The Samsung spokesperson said that the company will launch more Tizen-based devices "based on market situations."Reports have been swirling for days that Samsung would be launching Tizen-based devices. Samsung did not, however, confirm its decision to launch Tizen handsets this year until today. Tizen is a Linux-based operating system that arose out of the demise of Nokia's MeeGo platform. Intel and Samsung have taken over the development of Tizen, and the Linux Foundation is overseeing the project. The companies hope to make Tizen a stronger competitor to Android, which has been viewed by open-source advocates as too closed off for their liking.
Although Samsung is believed to have designs on making Tizen a leading mobile operating system, Android and Windows Phone are expected to continue to be a key part of its mobile product mix for the foreseeable future, With Android-based iphone 6/6s rose gold waterfall case handsets such as the Galaxy S3 especially, Samsung has watched its market share soar, but Tizen could be a way for the company to hedge its bets against a too-dominant Android, (Via Bloomberg), The company says that the devices will be "competitive" and it will continue to offer them "based on market situations."Samsung will, in fact, launch some Tizen-based smartphones this year, the company has confirmed..
In a statement to CNET, a Samsung spokesperson said that the company plans "to unveil competitive Tizen devices within this year." The person didn't say how many devices would be offered, and failed to provide details on what sort of features those handsets might deliver. Those details will be announced at a later time. Be respectful, keep it civil and stay on topic. We delete comments that violate our policy, which we encourage you to read. Discussion threads can be closed at any time at our discretion.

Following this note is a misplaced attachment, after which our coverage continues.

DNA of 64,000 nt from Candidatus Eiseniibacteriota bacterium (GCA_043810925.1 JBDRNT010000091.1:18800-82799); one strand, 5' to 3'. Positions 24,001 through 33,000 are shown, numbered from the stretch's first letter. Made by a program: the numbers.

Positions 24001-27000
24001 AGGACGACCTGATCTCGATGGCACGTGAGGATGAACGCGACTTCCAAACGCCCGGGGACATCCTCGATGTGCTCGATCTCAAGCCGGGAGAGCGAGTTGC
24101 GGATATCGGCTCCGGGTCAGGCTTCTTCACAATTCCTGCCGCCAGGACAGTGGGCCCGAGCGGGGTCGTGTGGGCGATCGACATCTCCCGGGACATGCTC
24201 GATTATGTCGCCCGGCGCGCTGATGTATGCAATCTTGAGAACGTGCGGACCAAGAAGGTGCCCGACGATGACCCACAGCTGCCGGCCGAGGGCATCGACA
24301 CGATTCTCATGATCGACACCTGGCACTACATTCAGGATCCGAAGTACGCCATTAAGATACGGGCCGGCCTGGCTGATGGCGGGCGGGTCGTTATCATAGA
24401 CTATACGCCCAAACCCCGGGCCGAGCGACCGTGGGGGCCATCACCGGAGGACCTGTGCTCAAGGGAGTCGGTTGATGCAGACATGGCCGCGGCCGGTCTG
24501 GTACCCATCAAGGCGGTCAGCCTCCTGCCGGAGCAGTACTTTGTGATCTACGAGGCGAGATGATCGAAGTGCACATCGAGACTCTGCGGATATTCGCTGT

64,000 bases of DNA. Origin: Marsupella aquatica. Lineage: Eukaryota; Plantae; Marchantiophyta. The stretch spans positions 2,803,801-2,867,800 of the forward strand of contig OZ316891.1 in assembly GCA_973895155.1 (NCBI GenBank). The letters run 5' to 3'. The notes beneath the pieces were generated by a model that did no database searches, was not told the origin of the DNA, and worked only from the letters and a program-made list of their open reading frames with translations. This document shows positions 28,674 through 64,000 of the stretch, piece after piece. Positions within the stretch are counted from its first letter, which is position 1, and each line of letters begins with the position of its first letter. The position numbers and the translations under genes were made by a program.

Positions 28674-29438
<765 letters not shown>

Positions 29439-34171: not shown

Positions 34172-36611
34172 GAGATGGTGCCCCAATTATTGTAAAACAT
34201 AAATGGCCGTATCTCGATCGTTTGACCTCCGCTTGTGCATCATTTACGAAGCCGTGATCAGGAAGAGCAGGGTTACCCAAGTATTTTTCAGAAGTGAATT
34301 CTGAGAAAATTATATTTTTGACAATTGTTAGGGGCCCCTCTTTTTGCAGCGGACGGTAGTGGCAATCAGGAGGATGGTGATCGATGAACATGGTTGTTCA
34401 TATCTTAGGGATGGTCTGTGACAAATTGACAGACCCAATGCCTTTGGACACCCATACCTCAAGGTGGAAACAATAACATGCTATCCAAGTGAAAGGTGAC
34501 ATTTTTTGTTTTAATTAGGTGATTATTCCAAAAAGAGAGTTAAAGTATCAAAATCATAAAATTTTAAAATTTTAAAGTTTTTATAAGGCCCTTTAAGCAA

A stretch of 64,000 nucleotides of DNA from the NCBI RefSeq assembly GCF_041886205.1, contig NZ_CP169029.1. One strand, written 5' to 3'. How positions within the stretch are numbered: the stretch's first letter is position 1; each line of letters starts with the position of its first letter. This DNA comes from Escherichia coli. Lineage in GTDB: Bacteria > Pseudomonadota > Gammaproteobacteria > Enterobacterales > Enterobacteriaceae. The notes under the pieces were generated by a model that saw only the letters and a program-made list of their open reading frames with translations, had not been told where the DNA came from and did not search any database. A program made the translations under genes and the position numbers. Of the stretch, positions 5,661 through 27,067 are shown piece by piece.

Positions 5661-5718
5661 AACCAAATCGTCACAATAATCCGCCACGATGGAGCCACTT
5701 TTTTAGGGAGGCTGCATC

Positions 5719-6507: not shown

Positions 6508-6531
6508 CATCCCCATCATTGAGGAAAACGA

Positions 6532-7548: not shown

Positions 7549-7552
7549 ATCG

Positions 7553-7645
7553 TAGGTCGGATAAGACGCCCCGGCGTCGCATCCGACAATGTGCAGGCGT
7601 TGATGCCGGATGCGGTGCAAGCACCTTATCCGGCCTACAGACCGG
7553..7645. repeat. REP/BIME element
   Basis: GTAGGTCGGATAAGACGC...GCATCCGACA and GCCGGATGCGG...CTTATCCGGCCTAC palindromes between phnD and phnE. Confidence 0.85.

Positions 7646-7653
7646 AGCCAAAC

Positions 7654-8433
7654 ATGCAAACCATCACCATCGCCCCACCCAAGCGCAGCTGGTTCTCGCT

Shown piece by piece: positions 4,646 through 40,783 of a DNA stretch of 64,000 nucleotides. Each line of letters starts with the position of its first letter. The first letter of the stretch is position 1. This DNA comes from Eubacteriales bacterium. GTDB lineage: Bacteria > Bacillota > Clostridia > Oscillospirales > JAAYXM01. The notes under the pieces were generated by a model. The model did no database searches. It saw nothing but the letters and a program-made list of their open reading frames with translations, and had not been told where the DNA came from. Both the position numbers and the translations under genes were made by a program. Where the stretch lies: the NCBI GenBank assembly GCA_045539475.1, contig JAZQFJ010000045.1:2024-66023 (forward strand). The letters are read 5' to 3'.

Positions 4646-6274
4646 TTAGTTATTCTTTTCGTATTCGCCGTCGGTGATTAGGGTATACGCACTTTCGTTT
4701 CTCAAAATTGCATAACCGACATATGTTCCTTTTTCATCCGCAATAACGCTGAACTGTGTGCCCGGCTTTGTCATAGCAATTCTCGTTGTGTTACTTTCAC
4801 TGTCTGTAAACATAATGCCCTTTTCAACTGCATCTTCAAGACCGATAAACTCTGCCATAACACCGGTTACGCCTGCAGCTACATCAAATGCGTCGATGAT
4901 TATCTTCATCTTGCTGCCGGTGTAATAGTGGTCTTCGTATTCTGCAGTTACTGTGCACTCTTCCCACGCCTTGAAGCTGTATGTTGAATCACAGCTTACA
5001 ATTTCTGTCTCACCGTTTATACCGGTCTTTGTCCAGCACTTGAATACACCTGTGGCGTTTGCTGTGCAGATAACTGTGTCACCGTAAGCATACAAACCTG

Currently, if you're on a fixed-term phone contract and your operator decides to ramp up its iphone 6/6s rose gold waterfall case prices (as Orange, T-Mobile and O2 have done in the past year), you're only legally allowed to end your contract if the rise is of "material detriment", Ofcom rightly thinks that's pretty vague -- what is detrimental to one person might not be too bad for another -- so is hoping to change the rules, so that any increase in price, however incremental, will allow you to end your contract, Better yet, you'll be able to terminate it without paying any kind of charge for early cancellation..
Ofcom's plan is open for consultation until 14 March. Phone networks have until then to voice their concerns -- and naturally, I imagine there'll be quite a few. An alternative proposition from Ofcom is that you'll be able to choose to sign up to variable-rate contracts if you so wish -- much in the same way you can have variable rates of interest on bank accounts. As David Meyer at GigaOm points out though, this could result in a change in the way we buy phones. If the proposal goes through, networks will likely increase their prices to offset any need to raise them during contracts or indeed the lost money from a customer being allowed to cancel their contract early.
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